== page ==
Fitch Ratings has affirmed Nigeria’s long-term foreign and local currency Issuer Default Rating (IDRs) at ‘BB-‘ and ‘BB’ respectively.
However, the global ratings agency stated that its outlook on Nigeria’s long-term IDRs are Negative, as against the stable outlook it had assigned the country last year. The issue ratings on Nigeria’s senior unsecured foreign-currency bonds were also affirmed at ‘BB-‘.
The ratings by Fitch comes exactly seven days after another global ratings agency, Standard & Poor’s (S&P) rated Nigeria B+ and assigned a stable outlook to the country.
Continuing, Fitch explained in a statement yesterday that Nigeria’s Country Ceiling was affirmed at ‘BB-‘ and the Short-term foreign-currency IDR at ‘B’.
It emphasised that the affirmation of Nigeria’s ratings was based on the fact that the political uncertainty that preceded the 2015 elections had since subsided and power had transitioned peacefully to the administration of President Muhammadu Buhari, who was sworn-in in May.
“This is the first democratic transition of power to an opposition party in Nigeria, and highlights the strengthening of political institutions. President Buhari has prioritised improving security, reducing corruption, and fostering economic growth and job creation. Progress is being made in tackling Boko Haram, although the group retains a significant presence in parts of the North-east.
“The extended absence of a cabinet has caused delays in implementing economic policy, which has dented credibility at a time of significant challenges posed by lower oil prices, and significant uncertainty remains, particularly around the currency. To support the exchange rate, the central bank introduced measures that made foreign exchange unavailable for certain activities and were cited in the decision to remove Nigeria from the JP Morgan global benchmark bond index.
“Planned tax increases under the previous administration have not been implemented and the bulk of the fiscal adjustment burden has been absorbed by cutting capital spending,” Fitch stated.
Furthermore, it noted that the composition of a new cabinet in Nigeria will provide an important guide to the policy direction of the new government.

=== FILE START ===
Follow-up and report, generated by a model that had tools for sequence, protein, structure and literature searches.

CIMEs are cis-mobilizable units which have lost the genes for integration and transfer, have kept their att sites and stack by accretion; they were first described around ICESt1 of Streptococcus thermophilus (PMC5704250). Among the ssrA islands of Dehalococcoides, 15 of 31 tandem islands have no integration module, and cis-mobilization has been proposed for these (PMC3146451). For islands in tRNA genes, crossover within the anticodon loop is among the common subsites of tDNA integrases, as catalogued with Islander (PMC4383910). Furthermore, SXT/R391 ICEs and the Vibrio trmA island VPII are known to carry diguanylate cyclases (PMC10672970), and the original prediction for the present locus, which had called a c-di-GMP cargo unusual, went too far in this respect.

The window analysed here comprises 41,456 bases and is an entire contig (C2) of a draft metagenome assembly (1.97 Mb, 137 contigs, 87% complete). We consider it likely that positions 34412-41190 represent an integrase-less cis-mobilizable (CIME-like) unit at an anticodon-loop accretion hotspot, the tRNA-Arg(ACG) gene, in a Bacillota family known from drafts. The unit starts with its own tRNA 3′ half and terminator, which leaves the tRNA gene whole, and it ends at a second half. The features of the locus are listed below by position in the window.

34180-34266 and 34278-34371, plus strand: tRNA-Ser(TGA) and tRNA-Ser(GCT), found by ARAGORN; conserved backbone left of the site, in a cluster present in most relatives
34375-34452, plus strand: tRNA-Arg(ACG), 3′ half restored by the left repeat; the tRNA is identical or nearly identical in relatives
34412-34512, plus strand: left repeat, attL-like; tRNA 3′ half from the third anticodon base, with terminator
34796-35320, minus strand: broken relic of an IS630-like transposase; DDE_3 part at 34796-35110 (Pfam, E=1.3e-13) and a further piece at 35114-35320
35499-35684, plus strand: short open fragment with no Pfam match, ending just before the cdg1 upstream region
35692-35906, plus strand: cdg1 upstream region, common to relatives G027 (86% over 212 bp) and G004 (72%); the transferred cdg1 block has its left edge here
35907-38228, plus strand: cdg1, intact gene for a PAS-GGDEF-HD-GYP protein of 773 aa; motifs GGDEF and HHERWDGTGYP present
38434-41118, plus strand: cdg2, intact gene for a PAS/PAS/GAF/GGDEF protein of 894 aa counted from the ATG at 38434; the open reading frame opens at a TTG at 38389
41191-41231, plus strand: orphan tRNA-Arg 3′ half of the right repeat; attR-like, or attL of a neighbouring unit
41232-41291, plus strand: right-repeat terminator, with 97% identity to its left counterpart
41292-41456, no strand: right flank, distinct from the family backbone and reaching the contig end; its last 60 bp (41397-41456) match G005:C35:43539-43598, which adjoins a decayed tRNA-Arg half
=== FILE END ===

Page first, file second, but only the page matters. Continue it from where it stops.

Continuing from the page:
“Economic growth has slowed sharply in 2015, although it is set to rebound in 2016 and remains robust relative to peers. Lower oil production, election-related uncertainty, fiscal consolidation and restrictions on access to foreign exchange held back real gross domestic product (GDP) growth to 3.1 per cent in first half 2015, compared with an average of 5.6 per cent over the previous five years.
“With uncertainty over economic policy expected to ease and continued dynamism within the private sector, we forecast real GDP growth to rebound to an average of five per cent over 2016 and 2017. We forecast the general government deficit to widen this year, but at 3.1 per cent of GDP it will be lower than ‘BB’-rated peers.
“A currency devaluation in February and strengthened efforts to boost tax collection administration are supporting revenues. Some state and local governments have run up arrears, but these are being addressed by a rescheduling programme that restructures about USD1.6bn in short-term bank loans into 20-year federal government bonds. The restructuring will result in significant interest rate savings to state and local governments and cause only a small increase in the sovereign’s debt burden,” it added.
Fitch also pointed out that there has been no progress in rebuilding savings buffers in the country, with the excess crude account at $2.2 billion in mid-September 2015, adding that deficit financing will push up debt.
Nonetheless, it noted that with a large and diverse local investor base, Nigeria’s ejection from the JP Morgan benchmark global bond index in September will not cause financing strains.
“Administrative restrictions have allowed a modest rebound in foreign exchange reserves, to $31 billion (4.5 months of current external payments) at end-August compared with a peer median of four months. With lower oil prices pulling the current account into deficit, rebuilding reserves, which fell by 30 per cent in the year to June 2015, will pose challenges in the absence of an exchange rate adjustment.
Obinna Chima – Thisdaylive.com